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Life after Hoops Is a Drag
L. Jon Wertheim
July 12, 1999
Former NBA All-Star Larry Nance wedges himself into his racer and floors it
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July 12, 1999

Life After Hoops Is A Drag

Former NBA All-Star Larry Nance wedges himself into his racer and floors it

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In addition to his quest for a major sponsor, Nance is faced with the more exigent task of jamming his 6' 10", 230-pound frame into the cockpit, which makes him look as if he's driving a bumper car at the county fair. In a sport in which the top competitors are roughly the size of jockeys, Nance's car is customized to accommodate his build. Even so, he drives with his knees practically rubbing against his chin. "I'm only in the car for a few seconds, so I can handle it," he says, "but being this big definitely helped me more in basketball than in this sport."

Aside from his height, Nance is also an anomaly at the track because of his race. Oddly, the only other black Pro Stock driver is Tom Hammonds, a forward for the Minnesota Timber-wolves, who, competing in the circuit's summer events, finished 1998 ranked 29th. Not only does Nance claim that he has never encountered any trace of racism at the track, but he also bridles at the suggestion that the folks in the bleachers are mostly sunburned Bubbas whose idea of higher math is beef jerky plus Dr Pepper equals breakfast. "I know the sport has sort of a redneck reputation, but it's really not like that at all," says Nance. "I've met some of the most classy people I know through racing, and I enjoy the fans wherever I go."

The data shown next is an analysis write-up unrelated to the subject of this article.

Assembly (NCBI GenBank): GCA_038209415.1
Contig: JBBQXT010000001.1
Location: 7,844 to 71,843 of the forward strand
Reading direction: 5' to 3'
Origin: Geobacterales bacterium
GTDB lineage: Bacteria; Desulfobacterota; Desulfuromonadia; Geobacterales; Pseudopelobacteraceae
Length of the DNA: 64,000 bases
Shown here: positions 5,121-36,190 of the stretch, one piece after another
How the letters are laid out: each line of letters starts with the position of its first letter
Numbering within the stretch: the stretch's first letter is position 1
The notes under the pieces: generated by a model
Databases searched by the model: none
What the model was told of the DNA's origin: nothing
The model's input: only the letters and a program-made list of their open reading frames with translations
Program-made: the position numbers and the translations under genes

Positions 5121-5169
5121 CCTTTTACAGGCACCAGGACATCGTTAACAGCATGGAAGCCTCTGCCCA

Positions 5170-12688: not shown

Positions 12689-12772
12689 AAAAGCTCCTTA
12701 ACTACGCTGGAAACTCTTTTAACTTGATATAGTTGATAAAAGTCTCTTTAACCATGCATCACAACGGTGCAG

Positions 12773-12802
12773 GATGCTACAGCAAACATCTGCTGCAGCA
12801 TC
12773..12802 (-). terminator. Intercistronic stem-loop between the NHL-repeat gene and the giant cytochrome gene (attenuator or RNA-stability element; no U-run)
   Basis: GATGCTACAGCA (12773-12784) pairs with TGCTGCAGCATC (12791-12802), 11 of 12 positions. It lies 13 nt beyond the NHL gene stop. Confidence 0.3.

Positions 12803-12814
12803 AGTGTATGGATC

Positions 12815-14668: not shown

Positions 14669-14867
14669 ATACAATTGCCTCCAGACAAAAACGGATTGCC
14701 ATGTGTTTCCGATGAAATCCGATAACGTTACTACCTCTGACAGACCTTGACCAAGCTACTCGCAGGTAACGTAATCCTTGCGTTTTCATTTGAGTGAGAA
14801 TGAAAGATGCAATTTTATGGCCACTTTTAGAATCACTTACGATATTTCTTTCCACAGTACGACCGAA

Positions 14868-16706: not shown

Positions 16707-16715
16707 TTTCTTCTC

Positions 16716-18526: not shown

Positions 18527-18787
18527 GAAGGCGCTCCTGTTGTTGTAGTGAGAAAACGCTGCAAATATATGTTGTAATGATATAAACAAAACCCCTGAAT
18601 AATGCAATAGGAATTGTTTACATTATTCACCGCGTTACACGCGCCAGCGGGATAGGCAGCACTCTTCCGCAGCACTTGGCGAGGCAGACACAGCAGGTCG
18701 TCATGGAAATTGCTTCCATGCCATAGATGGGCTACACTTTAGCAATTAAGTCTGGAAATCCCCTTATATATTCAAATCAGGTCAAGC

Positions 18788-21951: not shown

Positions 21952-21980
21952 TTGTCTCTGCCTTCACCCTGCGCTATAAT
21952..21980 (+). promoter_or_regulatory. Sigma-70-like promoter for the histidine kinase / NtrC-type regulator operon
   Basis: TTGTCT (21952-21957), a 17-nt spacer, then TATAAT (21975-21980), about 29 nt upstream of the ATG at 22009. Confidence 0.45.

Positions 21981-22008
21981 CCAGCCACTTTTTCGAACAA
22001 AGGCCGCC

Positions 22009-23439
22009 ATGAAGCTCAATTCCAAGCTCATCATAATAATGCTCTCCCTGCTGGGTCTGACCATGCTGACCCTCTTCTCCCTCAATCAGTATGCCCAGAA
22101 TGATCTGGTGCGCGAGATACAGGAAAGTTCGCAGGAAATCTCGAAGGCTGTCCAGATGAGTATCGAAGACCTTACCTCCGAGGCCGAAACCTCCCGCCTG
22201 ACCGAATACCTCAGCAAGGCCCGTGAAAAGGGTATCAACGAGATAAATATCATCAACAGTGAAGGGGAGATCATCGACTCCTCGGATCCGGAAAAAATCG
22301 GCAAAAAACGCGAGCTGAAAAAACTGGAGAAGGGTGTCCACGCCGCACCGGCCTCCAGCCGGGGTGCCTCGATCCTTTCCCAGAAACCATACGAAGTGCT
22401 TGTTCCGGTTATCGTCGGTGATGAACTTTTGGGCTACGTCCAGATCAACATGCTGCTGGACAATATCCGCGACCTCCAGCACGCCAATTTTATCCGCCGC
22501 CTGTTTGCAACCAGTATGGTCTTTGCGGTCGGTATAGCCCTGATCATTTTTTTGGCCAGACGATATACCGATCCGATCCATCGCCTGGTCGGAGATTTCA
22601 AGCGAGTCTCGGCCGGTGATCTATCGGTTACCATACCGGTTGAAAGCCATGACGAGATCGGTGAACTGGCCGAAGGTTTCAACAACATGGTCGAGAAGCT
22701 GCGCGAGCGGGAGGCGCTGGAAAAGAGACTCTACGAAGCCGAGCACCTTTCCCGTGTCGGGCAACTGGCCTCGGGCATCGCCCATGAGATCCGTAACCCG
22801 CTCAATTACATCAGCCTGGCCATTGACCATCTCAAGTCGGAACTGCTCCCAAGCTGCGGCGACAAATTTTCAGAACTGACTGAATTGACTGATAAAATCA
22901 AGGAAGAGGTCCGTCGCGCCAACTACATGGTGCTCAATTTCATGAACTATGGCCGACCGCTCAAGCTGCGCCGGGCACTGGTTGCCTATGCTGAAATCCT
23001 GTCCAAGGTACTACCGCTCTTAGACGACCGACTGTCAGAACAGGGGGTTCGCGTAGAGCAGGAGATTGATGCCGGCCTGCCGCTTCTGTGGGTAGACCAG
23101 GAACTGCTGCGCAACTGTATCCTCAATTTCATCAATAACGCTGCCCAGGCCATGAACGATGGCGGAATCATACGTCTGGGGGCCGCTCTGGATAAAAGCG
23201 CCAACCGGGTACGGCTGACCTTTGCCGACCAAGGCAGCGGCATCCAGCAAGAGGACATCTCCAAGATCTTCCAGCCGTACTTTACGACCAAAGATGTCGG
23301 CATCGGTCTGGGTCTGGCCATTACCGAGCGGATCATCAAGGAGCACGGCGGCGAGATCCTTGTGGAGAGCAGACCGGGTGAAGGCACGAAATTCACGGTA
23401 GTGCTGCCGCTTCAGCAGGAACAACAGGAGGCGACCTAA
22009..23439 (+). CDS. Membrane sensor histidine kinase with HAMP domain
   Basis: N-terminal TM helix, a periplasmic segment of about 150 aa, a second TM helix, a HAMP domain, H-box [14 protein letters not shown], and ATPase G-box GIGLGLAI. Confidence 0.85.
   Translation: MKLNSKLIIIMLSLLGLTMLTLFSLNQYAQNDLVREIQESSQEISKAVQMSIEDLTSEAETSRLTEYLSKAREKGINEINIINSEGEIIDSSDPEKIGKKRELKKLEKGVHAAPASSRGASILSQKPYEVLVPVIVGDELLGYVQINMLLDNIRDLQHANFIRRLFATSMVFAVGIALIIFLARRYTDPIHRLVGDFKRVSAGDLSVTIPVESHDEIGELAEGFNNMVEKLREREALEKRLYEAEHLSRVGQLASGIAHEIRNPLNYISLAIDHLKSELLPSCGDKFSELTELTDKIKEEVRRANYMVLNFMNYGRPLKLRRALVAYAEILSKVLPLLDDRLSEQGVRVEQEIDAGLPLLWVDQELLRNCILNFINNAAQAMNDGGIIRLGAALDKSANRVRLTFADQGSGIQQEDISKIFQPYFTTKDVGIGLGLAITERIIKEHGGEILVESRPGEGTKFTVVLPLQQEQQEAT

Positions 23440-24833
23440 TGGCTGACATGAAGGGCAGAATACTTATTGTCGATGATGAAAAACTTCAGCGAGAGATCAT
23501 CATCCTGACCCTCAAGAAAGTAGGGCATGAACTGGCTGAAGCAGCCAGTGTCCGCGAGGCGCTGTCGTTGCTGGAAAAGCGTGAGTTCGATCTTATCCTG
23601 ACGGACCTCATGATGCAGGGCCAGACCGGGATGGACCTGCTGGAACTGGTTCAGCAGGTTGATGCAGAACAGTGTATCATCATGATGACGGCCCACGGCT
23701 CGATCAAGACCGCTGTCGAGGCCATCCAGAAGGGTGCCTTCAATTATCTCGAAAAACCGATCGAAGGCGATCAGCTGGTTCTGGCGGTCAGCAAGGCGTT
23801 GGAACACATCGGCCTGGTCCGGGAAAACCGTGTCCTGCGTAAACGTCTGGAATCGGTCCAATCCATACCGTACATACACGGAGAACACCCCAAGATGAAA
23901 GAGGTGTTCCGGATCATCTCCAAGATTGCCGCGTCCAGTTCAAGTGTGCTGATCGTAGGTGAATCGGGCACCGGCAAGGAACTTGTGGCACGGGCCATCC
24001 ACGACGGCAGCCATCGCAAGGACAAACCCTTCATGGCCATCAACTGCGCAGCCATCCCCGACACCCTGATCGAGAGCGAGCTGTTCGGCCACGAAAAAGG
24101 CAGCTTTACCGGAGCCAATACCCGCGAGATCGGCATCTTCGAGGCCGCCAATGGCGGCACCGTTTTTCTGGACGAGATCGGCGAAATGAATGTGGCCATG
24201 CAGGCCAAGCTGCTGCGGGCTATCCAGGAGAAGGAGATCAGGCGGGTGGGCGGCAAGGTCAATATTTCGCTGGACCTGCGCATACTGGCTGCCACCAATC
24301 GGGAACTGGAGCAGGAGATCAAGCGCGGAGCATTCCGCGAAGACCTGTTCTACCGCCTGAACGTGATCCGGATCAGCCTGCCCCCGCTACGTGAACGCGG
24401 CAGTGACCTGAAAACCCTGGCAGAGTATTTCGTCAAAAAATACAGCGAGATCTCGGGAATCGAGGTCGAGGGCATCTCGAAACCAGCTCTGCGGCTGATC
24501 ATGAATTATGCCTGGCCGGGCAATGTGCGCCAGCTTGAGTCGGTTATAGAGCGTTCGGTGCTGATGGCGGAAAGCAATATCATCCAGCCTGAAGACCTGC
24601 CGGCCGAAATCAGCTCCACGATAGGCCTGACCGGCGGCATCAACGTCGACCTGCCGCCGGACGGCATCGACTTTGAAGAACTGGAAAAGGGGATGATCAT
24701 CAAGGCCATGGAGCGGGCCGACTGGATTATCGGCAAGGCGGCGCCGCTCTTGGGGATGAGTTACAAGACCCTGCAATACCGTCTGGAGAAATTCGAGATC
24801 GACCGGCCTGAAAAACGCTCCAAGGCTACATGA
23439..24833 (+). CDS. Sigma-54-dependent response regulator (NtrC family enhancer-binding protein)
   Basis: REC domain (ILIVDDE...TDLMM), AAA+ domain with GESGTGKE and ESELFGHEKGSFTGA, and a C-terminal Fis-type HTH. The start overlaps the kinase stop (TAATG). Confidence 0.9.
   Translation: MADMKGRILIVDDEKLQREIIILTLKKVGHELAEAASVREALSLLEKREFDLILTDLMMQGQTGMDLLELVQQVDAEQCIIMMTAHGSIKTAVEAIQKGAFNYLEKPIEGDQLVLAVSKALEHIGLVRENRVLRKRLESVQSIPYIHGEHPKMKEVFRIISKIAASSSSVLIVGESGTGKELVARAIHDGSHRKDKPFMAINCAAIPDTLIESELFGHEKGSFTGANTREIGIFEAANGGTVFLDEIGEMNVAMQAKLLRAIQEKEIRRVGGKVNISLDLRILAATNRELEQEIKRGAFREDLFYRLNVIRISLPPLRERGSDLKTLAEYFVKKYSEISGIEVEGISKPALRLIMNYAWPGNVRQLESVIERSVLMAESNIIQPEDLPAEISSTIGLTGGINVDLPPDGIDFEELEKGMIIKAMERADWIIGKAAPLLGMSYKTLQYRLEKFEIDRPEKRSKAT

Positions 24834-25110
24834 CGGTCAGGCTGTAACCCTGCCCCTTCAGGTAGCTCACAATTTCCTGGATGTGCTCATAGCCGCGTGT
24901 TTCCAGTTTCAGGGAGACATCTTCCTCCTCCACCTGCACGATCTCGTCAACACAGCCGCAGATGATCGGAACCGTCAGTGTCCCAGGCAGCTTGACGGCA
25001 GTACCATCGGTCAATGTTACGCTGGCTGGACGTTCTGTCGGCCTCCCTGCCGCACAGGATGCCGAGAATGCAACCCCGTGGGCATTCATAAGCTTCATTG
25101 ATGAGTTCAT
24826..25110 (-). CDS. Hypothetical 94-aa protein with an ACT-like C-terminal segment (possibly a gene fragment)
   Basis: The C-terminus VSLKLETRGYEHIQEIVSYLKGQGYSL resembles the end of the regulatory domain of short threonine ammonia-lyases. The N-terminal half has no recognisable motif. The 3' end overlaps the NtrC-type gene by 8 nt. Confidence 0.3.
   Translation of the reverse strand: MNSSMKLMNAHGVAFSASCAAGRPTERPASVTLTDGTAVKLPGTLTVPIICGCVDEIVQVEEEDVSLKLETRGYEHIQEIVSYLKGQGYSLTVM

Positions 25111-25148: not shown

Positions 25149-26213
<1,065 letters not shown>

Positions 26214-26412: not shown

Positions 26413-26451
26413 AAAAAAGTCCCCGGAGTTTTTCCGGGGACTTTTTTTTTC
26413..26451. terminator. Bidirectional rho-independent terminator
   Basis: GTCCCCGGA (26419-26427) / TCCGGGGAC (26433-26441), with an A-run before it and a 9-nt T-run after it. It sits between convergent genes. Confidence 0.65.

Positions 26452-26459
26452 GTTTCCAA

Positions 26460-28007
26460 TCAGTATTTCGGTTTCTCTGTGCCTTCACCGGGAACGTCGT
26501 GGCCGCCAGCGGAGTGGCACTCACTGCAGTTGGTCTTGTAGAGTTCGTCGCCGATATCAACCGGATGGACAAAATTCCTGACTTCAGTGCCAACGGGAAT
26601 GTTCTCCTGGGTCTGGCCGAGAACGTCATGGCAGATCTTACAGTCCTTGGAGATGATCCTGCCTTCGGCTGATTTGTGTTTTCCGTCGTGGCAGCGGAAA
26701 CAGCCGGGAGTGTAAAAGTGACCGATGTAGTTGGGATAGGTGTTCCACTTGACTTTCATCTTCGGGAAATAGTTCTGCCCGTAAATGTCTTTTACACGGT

The admiration is mutual. Nance is a popular attraction and has endeared himself to the other drivers, too. "When he first started competing in NHRA events, we all figured Larry couldn't have been all that good a basketball player, because he has absolutely no ego," says Jim Yates, the world champion driver in two of the last three years. "It wasn't until we saw him in the car that it became clear that he is a great athlete. He has unbelievable hand-eye coordination, and he has some of the best reaction times out here."

Unfortunately for Nance, in pro drag racing, racers who don't make it past the qualifying rounds earn no prize money. Only the 16 drivers in the finals make a check. So far this season Nance, who is driving a 1999 Dodge, has qualified for the first round once and earned $4,000.

That, however, doesn't deter Nance and his Catch-22 team. At least until the money runs dry, he has no intention of slowing down.

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